Local casinos get ready for sports betting

Published 7:18 pm Thursday, June 28, 2018

At least one Vicksburg casino plans to be ready for sports betting once it becomes legal in the wake of regulations approved by the Mississippi Gaming Commission, while another is waiting on the completion of the sale of its parent company to another gaming company.

The commission June 20 approved a set of regulations for betting on baseball, football, basketball and other sports. The regulations become effective in late July.

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“We’ve been working on this for a while now,” said Tony Scudiero, manager of WaterView Casino. “Now that the regulations will be ready to go, we are also working on it to be up and running to the best of our ability the first day that bets are able to be placed.

“There are internal control and procedures, and getting the sports book built that are in the process of being taken care of. We are going to do our best to be up and running as soon as it becomes 100 percent legal,” he said.

Paul Avery, manager of Lady Luck Casino, said the casino has delayed action pending the completion of the sale of the casino to Churchill Downs Inc. Lady Luck is one of two casinos owned by Eldorado Resorts that are being sold to Churchill Downs, which also owns Riverview Casino, which is almost adjacent to Lady Luck.

“We’re not approaching that until the sale is complete,” he said. “We’re not going to make any major capital improvements like that until we make the sale.”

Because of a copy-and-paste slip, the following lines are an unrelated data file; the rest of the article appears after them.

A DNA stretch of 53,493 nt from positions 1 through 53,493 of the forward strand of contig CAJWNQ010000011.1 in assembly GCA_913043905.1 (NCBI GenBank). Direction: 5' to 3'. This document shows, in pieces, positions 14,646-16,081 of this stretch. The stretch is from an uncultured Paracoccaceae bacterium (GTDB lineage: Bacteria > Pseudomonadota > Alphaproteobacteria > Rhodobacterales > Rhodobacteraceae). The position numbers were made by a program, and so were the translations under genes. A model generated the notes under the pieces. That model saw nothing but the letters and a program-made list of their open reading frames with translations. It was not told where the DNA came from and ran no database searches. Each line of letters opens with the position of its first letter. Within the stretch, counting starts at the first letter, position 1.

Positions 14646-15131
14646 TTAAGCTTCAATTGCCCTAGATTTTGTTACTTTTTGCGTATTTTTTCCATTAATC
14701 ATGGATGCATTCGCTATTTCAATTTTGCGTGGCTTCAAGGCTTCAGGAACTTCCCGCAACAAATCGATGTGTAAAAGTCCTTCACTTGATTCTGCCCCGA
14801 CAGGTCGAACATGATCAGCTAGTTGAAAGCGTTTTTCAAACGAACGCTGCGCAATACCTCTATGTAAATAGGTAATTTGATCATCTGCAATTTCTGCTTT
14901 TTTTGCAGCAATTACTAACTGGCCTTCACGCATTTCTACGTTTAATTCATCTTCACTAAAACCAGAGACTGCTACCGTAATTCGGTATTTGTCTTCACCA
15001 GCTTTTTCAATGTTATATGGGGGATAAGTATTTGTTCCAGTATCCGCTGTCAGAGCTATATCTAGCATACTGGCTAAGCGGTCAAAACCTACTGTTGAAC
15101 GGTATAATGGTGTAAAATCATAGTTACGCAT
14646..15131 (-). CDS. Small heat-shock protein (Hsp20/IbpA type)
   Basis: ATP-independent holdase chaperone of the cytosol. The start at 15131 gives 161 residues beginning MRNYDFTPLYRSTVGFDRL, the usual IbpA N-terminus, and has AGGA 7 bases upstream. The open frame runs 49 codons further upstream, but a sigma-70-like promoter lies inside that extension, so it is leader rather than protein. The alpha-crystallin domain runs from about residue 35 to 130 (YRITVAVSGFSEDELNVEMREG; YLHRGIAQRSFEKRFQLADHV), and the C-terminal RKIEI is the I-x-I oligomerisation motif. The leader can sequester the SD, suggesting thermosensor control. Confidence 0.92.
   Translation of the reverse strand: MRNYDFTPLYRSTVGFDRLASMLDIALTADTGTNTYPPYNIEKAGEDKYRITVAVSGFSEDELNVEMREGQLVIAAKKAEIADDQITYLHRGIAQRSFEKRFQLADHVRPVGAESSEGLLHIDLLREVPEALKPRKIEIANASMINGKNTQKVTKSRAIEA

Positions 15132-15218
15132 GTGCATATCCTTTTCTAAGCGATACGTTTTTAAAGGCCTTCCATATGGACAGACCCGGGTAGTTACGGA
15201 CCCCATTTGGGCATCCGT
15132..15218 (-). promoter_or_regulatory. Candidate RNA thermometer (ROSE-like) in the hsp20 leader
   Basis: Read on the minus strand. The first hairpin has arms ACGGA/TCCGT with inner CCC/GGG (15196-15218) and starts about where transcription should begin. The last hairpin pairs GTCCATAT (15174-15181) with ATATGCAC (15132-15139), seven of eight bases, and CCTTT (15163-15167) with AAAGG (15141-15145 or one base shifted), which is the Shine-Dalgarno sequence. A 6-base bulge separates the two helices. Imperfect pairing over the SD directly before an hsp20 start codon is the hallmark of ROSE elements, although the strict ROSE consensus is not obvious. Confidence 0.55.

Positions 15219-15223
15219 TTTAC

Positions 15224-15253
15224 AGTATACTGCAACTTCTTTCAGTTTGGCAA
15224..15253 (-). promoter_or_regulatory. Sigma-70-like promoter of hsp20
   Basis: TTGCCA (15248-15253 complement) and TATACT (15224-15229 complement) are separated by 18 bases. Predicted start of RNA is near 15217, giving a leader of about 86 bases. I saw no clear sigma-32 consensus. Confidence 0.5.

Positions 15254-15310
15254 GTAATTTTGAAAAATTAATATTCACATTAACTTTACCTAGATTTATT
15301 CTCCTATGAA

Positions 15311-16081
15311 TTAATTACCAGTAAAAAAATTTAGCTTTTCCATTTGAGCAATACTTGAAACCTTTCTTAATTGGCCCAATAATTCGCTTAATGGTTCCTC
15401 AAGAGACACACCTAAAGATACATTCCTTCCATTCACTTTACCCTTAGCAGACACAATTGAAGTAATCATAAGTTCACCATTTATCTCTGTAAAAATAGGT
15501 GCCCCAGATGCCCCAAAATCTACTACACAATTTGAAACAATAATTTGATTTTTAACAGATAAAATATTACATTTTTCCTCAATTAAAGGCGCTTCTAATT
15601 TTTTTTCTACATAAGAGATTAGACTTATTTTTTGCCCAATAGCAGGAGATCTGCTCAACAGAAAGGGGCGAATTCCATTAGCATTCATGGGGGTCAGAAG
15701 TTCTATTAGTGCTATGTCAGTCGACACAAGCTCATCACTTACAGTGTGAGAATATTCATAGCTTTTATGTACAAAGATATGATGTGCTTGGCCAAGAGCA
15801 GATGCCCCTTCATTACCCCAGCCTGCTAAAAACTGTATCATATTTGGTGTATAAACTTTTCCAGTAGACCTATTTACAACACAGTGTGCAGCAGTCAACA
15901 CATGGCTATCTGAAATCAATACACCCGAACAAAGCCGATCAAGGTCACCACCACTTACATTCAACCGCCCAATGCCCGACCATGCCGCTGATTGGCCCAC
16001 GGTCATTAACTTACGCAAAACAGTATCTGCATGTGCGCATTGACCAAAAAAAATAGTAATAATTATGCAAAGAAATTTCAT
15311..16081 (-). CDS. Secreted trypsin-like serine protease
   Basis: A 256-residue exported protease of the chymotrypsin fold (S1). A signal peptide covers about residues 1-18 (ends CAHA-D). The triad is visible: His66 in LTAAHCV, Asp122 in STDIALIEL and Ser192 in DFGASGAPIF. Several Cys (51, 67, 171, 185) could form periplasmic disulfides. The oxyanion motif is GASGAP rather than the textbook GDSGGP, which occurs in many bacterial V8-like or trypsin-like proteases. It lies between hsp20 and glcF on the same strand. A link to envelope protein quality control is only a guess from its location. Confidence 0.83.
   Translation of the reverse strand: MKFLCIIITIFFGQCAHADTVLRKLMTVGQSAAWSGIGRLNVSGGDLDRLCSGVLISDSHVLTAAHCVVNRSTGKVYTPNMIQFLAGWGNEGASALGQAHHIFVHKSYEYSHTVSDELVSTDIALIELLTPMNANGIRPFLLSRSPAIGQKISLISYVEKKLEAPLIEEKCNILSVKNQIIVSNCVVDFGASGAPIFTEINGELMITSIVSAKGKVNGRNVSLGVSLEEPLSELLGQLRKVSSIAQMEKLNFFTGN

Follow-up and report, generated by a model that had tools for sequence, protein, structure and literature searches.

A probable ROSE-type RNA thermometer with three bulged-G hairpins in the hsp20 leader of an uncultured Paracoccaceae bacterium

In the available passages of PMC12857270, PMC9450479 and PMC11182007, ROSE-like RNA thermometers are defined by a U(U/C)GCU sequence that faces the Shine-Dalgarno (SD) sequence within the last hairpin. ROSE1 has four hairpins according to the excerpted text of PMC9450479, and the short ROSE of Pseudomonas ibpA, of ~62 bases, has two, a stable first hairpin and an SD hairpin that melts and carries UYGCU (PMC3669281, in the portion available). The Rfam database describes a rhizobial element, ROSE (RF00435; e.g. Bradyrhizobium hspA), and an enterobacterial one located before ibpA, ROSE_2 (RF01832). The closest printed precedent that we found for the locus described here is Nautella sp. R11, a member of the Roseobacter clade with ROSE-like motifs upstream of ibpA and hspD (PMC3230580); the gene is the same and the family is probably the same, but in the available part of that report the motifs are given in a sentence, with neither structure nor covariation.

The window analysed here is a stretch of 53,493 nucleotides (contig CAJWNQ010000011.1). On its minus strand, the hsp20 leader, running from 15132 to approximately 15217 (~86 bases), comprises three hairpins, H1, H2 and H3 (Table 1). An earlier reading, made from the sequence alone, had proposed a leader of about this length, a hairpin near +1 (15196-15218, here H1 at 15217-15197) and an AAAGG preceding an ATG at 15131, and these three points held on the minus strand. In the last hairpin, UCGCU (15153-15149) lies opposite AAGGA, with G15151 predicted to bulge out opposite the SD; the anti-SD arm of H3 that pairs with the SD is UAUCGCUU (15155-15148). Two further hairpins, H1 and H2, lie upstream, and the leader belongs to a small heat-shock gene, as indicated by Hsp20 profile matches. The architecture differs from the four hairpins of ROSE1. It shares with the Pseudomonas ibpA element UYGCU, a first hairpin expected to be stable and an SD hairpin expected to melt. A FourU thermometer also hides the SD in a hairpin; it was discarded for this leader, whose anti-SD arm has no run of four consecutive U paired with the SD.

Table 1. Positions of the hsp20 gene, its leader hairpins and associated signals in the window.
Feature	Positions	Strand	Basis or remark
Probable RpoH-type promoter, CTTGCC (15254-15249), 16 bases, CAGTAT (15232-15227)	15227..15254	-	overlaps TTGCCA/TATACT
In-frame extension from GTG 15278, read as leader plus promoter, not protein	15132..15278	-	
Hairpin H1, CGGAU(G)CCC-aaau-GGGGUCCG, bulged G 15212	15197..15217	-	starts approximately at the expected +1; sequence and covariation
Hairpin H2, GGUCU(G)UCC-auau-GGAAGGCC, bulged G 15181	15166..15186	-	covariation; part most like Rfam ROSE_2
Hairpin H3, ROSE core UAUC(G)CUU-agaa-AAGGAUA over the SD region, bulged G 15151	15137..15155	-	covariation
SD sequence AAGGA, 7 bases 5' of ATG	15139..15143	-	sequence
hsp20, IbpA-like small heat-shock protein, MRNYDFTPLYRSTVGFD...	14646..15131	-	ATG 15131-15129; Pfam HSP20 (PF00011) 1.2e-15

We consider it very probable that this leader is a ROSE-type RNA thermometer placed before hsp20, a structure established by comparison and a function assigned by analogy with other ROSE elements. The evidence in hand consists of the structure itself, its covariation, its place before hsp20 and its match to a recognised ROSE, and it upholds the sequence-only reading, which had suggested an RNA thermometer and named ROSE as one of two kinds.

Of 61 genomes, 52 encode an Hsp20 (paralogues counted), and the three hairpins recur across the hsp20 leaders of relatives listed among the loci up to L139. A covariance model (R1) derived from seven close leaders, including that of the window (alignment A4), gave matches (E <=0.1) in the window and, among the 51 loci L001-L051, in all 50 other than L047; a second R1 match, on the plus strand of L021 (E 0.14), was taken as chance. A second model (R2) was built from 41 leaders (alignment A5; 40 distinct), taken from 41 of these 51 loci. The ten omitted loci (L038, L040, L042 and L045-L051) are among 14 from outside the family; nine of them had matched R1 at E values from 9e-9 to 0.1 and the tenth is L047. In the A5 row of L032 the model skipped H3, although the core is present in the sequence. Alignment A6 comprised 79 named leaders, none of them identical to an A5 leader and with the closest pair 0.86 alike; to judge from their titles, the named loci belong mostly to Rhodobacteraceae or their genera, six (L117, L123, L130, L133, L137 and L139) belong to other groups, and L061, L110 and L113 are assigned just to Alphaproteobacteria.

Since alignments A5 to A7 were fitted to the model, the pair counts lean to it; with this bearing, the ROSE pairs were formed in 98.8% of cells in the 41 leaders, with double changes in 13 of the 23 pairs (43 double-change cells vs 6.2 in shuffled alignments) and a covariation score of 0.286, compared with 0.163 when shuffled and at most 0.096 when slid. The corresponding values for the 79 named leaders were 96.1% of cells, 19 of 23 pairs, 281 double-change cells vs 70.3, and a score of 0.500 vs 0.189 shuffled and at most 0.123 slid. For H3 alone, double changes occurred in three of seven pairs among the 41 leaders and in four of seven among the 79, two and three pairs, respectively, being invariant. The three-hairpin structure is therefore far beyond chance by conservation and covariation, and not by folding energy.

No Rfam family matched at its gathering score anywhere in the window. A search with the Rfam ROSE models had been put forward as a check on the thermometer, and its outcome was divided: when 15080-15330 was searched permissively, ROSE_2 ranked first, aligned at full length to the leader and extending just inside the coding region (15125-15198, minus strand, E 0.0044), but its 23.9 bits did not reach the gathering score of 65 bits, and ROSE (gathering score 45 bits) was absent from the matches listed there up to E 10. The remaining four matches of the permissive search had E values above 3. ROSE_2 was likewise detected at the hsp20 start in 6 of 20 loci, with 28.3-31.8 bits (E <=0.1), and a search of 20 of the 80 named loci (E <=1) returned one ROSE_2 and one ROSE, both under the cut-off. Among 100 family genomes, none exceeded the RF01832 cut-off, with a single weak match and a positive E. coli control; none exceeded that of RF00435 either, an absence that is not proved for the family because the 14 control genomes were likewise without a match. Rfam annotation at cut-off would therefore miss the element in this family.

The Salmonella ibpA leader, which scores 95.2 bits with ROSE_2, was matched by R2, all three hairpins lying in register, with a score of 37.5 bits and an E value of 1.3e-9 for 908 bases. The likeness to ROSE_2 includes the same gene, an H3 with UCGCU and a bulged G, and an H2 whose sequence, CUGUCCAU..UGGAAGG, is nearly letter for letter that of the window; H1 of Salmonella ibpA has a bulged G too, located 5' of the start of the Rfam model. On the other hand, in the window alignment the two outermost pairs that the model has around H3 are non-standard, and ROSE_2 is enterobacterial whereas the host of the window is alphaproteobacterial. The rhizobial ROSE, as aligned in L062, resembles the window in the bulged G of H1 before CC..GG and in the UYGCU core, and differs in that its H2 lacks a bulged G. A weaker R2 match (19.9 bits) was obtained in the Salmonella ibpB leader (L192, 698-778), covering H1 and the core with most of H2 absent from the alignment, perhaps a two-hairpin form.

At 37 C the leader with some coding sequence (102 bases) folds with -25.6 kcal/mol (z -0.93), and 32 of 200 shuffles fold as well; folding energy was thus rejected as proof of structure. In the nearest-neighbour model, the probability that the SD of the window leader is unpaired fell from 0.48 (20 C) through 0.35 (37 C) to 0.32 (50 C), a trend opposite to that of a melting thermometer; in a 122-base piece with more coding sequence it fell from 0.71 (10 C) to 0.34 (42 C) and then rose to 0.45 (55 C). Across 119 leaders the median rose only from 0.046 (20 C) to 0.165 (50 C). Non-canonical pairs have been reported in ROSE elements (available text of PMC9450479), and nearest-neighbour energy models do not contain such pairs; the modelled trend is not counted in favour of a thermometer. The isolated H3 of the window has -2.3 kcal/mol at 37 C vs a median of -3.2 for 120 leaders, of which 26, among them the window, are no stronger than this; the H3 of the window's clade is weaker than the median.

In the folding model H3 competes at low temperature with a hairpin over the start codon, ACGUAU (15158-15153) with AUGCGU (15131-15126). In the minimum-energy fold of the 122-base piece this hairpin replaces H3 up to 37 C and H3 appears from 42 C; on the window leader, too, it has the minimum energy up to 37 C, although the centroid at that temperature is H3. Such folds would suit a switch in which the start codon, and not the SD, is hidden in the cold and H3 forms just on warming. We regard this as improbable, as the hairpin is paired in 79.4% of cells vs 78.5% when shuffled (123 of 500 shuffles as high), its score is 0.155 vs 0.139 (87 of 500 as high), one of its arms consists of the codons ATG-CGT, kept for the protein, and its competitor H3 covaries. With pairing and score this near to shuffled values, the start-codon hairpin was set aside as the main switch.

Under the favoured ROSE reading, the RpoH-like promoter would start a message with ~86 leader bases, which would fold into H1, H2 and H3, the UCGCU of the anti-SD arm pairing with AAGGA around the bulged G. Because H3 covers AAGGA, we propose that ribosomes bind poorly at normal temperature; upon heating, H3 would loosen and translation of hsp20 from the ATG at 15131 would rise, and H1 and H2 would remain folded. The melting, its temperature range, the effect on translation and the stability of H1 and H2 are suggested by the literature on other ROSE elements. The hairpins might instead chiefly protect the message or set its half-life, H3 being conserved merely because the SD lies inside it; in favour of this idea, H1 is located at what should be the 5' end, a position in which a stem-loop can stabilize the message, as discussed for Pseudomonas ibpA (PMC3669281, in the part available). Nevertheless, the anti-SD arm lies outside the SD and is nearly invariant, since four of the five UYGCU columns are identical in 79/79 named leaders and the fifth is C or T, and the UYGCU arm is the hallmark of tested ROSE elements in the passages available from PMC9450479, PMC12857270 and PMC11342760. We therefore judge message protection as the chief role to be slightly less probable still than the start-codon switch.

Repeated attempts to contact officials with Riverview Casino and Ameristar Casino were unsuccessful.

Scudiero said plans for WaterView include building a betting area on the casino’s first floor, having kiosks in the casino where bettors can go to place bets and an app that can only be used in the casino to place bets through a cell phone.

“The law is written that all betting must take place in the confines of the casino,” he said.

The Mississippi Legislature changed state law in 2017 to allow sports betting as part of a bill legalizing and regulating fantasy sports, and the U.S. Supreme Court in May struck down a federal law barring gambling on football, basketball, baseball and other sports in most states.

Under the state’s sports betting regulations, casinos will pay state and local taxes worth 12 percent of the wagers minus the payouts. Mississippi casinos can take bets on any pro, college or Olympic sport, or any other proposition approved by regulators except political elections. But the commission can veto certain types of wagers.

Casinos can’t take bets from coaches or athletes and must report suspicious bets over $5,000. Sports books are supposed to get detailed information on anyone betting or winning more than $10,000.

About John Surratt

John Surratt is a graduate of Louisiana State University with a degree in general studies. He has worked as an editor, reporter and photographer for newspapers in Louisiana, Mississippi and Alabama. He has been a member of The Vicksburg Post staff since 2011 and covers city government. He and his wife attend St. Paul Catholic Church and he is a member of the Port City Kiwanis Club.

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